I purchased this book after watching the television series, in which Rick Stein travels across India, Sri Lanka and South East Asia. Some would consider Rick Stein a bit of a geek. However, I’ve come to the conclusion that the word ‘geek’ is usually used to describe someone who has a passion for something, that their peers can’t quite grasp the extent of. Of course, it also describes someone who is socially inept. This cannot be attributed to RS as he knows exactly how to bring entire continents to life, just using words. He explores the world around him and is excited by the prospect of any new information he can get his hands on. Often in the series you can feel him feeding off his present company like a leech, which leaves him fat with knowledge. Thankfully, he wrote all of this down. Not just when he got home and wrote this book but as he stood side by side with the cook, eyes transfixed on the pot. Rick can be seen listing and smelling every ingredient as it goes in. Welcome to truly authentic Asian cuisine.
The book begins with a story, where Rick lures you in by conjuring up images of a hectic street, full of food venders and generally sets the scene for the entire book. He does this well given his use of language, like an M&S advert, but with genuinely decent food to promote. It isn't just the language, but the high definition photographs (that don't make too much of an attempt to be arty) that bring the ingredients to life.
Strangely, the next best place you might find yourself is at the back of the book. Here you will find a huge glossary that talks you through all the weird and wonderful ingredients used throughout. You will also find a few pages dedicated to explaining the basic recipes required to keep a fully stocked larder. These are things such as Asian stocks, spice blends and condiments. The reason these are useful is because they are constantly referred to throughout the book. For example, you can’t have a fragrant Cambodian soup without a good stock behind it. You can’t have good special fried Thai rice without knowing how to make the hoi sin flavoured pork belly that runs throughout the dish. It is these (sometimes hefty) ingredient lists that seem to annoy some reviewers on the website, Amazon.co.uk. My advice to them would be, if you don’t want tasty and authentic regional food, then can I recommend a jar of Sharwood’s sweet and sour sauce that is a complete abomination?
People often cite cost as a reason not to pursue culinary greatness. That may be true in the first instance but if you continue to use and build on your larder, every dish you cook from there begins to decrease in value because you are making the most of your ingredients. This can be further aided by gearing your meals towards ingredients that need to be used or things that you have a lot of. But then, that is nothing new, in any cuisine.
I have to be honest. In order to get the most out of this book, you have to want it. You don’t necessarily have to enjoy wandering around Asian supermarkets on your days off. Touching, smelling, discovering. There is a nice glossary of Asian food websites that will deliver right to your door. However, I urge you to approach this book as an adventure. Throw yourself at it from every angle. When I say that, I don’t mean put the book in the centre of the room and hurl your physical self at the book from different directions. That would be silly…. And I doubt you would learn very much. That said, familiar dishes such as Aloo Gobi, Green Thai Curry and Pad Thai, are worth the entrance fee alone. With regards to the Pad Thai recipe; I recently went to my local Thai restaurant in North Yorkshire, which I previously felt was to a very high standard. When I tasted their Pad Thai, it couldn’t have fallen shorter from the version that Rick Stein had taught me. This was a restaurant whose head chef Kenneth Poon, had worked at Michelin Starred restaurant ‘The Oriental’ at the Dorchester in London.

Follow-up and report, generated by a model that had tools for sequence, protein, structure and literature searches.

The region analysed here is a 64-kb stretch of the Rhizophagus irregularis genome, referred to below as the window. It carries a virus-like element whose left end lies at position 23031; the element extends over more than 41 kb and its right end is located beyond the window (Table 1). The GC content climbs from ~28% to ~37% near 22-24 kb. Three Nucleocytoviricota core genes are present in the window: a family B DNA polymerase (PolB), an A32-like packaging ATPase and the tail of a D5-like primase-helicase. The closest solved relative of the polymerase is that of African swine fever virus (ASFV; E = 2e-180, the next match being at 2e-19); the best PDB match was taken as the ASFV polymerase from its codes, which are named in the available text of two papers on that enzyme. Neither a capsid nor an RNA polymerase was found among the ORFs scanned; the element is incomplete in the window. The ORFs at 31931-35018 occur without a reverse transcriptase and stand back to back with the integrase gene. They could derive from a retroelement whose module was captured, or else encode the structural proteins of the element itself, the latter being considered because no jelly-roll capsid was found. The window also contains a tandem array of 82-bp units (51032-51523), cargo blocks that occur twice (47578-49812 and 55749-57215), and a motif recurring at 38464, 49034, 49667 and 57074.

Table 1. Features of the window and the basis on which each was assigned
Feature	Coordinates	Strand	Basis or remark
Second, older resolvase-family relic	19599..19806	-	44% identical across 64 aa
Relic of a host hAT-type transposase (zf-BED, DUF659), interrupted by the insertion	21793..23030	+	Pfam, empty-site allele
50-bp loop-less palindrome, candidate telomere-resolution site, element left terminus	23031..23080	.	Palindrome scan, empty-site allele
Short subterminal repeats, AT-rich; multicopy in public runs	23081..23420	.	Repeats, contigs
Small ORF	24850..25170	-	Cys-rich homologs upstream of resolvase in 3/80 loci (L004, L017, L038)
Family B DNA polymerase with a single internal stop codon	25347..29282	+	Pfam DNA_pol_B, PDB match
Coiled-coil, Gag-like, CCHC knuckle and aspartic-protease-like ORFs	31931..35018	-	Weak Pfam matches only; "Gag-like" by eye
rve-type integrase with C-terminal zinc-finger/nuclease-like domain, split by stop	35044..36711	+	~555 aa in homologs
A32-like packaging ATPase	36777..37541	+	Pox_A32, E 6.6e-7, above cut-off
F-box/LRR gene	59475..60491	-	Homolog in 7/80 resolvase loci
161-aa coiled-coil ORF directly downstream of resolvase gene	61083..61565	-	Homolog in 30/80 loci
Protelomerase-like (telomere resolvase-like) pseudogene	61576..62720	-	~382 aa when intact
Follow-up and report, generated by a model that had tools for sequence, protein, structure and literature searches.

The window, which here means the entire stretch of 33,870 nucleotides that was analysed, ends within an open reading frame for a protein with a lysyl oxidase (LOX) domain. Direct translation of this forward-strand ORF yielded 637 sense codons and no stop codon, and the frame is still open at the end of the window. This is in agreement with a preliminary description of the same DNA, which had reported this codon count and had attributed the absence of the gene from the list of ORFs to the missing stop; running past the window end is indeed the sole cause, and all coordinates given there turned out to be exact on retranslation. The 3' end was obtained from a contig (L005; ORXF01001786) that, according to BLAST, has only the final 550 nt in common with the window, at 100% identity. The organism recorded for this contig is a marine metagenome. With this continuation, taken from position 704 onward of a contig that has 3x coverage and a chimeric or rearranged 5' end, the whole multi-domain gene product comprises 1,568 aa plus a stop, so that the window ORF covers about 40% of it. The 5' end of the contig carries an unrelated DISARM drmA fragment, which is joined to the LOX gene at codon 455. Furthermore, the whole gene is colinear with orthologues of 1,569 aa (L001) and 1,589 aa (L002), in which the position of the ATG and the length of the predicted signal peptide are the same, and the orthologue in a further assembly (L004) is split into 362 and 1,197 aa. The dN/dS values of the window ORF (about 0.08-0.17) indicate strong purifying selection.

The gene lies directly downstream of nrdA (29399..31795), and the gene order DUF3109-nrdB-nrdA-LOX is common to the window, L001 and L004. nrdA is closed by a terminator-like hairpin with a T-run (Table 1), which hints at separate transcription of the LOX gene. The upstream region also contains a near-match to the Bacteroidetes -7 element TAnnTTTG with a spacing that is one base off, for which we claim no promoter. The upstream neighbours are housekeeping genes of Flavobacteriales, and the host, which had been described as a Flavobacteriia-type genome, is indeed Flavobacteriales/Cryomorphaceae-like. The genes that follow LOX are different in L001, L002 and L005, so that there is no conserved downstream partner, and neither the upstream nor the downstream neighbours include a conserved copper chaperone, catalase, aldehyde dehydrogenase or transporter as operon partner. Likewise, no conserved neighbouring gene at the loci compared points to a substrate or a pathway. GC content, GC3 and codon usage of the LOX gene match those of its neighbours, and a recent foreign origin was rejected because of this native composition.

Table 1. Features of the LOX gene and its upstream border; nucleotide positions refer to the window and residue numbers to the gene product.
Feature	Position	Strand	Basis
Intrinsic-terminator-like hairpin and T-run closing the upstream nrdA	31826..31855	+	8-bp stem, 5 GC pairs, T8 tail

What I am saying is, is that it is all here. You can produce some of the most exciting food out there, using just this book. It has a very complete feel about it. I personally, have never used any other cook book so frequently. As daunting as it may seem, if you approach this is as a learning exercise, it is rewarding. After watching the series, cooking from this book and hearing Rick talk of the people and their cuisine, I feel I understand their way of life and mentality much more intricately than before. That makes this very large and intriguing world of unknowns, become that bit more familiar. I’m not sure about you, but that is what I live for.
Many people use something called 'Braising Steak' for stews, which usually comes from the skirt, flank or shoulder. My favourite slow cooked beef comes from the shin. The flavour is rich and despite a shin sounding like an area with little meat, you are able to buy shin as boneless 'steaks'. This means that nice chunks are easily achieved. It's absolutely freezing here at the moment so warm yourself up with one of the ultimate comfort foods.
For the Stew...
800g Thick Diced, Boneless Shin of Beef
2 Medium Onions
2 Sticks Celery
2 Cloves of minced Garlic
1 Tbsp Tomato Puree
1 Tbsp Plain Flour
500ml Real Ale, Bitter or Porter (if you want it darker tasting)
250ml Beef Stock
2 Bay Leaves
A large sprig of Thyme
A small handful of Prunes, finely chopped up (only if you’re using a dark ale or stout)
A couple of splashes of Worcestershire Sauce
For the Rosemary and Mustard Dumplings...
175g self raising flour (sifted)
75g Shredded Suet
1 Tsp Mustard Powder or 1 Tbsp Coleman’s Mustard